CU ARM participates in a study to determine which fertility medication is preferable for treating women with irregular cycles
When I began my infertility training back in 1981, there were only two medication options for inducing ovulation in infertile women – Clomid (clomiphene citrate) and Pergonal, which is a combination of follicle stimulating hormone (FSH) and luteinizing hormone (LH).
Clomid is inexpensive, with a fairly low chance of complications, except for 10 percent chance of twins, and a reasonable side effect profile, mostly hot flashes or moodiness. In the early days we did little monitoring of Clomid cycles, although we knew that Clomid may sometimes thin out a women’s (previously normal) lining, making conception less likely.
If Clomid didn’t work, there was the option of Pergonal injections, which have now been succeeded by Follistim, Gonal F, or mixtures such as Menopur. These are purified versions of FSH and/or LH. The downside is the cost of the medications (typically $1,000 or more per cycle), the need for 8 to 10 days of injections, the need for ultrasound and blood monitoring, and medical risks. These involve multiples, even triplets occasionally, and ovarian enlargement. Pregnancy rates are higher than Clomid ovulation cycles, typically about 25 percent per cycle.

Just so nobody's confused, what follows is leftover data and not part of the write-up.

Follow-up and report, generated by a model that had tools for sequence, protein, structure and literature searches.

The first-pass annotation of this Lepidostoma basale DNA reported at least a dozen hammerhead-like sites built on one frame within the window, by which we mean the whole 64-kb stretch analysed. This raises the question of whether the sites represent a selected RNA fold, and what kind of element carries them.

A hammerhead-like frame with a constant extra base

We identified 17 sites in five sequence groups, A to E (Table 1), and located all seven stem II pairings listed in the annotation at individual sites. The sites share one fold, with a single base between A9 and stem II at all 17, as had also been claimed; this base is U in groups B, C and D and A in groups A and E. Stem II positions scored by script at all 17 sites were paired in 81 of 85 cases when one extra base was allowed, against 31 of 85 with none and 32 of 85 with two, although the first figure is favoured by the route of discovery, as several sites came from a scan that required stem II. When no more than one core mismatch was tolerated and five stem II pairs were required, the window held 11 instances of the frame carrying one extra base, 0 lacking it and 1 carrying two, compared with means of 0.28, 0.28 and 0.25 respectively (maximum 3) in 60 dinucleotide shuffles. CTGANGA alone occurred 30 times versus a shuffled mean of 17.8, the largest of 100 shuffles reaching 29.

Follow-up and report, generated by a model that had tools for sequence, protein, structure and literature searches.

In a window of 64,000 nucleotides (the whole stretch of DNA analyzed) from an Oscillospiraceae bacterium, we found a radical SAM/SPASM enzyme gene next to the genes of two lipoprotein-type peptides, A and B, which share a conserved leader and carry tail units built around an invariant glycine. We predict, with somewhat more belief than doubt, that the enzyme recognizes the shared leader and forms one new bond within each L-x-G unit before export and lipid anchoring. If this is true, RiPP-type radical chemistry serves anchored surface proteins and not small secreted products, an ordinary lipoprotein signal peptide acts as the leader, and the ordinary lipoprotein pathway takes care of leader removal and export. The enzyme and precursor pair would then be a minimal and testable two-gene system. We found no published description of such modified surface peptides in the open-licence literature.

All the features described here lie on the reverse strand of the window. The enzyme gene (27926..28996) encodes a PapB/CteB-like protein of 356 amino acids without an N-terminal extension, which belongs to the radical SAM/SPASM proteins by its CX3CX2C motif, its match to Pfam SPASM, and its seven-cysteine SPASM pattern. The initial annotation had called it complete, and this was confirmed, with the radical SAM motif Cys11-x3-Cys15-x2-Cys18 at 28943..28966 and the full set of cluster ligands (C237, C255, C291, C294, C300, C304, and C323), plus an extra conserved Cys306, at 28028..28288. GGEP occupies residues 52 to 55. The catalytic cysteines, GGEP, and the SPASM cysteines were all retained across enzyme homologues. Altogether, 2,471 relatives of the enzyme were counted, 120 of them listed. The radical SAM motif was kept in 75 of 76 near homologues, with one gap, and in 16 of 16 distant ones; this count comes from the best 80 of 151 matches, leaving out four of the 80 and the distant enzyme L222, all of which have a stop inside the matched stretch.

Nowadays, we have a viable third option, an oral medication letrozole (Femara) which works in a way similar to Clomid, but may have better pregnancy rates because it has less of a tendency to thin out the uterine lining or make a woman’s cervical mucus inhospitable to sperm. In small studies, pregnancy rates were improved and side effects reduced compared to Clomid, although it is more expensive.
At UCARM, we are currently involved in a multicenter study comparing Clomid and letrozole for women with irregular cycles, hoping to determine which is preferable. We also are studying couples with unexplained infertility, comparing Clomid, letrozole and injectable medications in a random fashion (couples will not be able to choose which medication they receive). Intrauterine inseminations are used for these cycles. The treatments are provided at no cost.
Hopefully, we will have even better information to counsel patients with infertility in the future.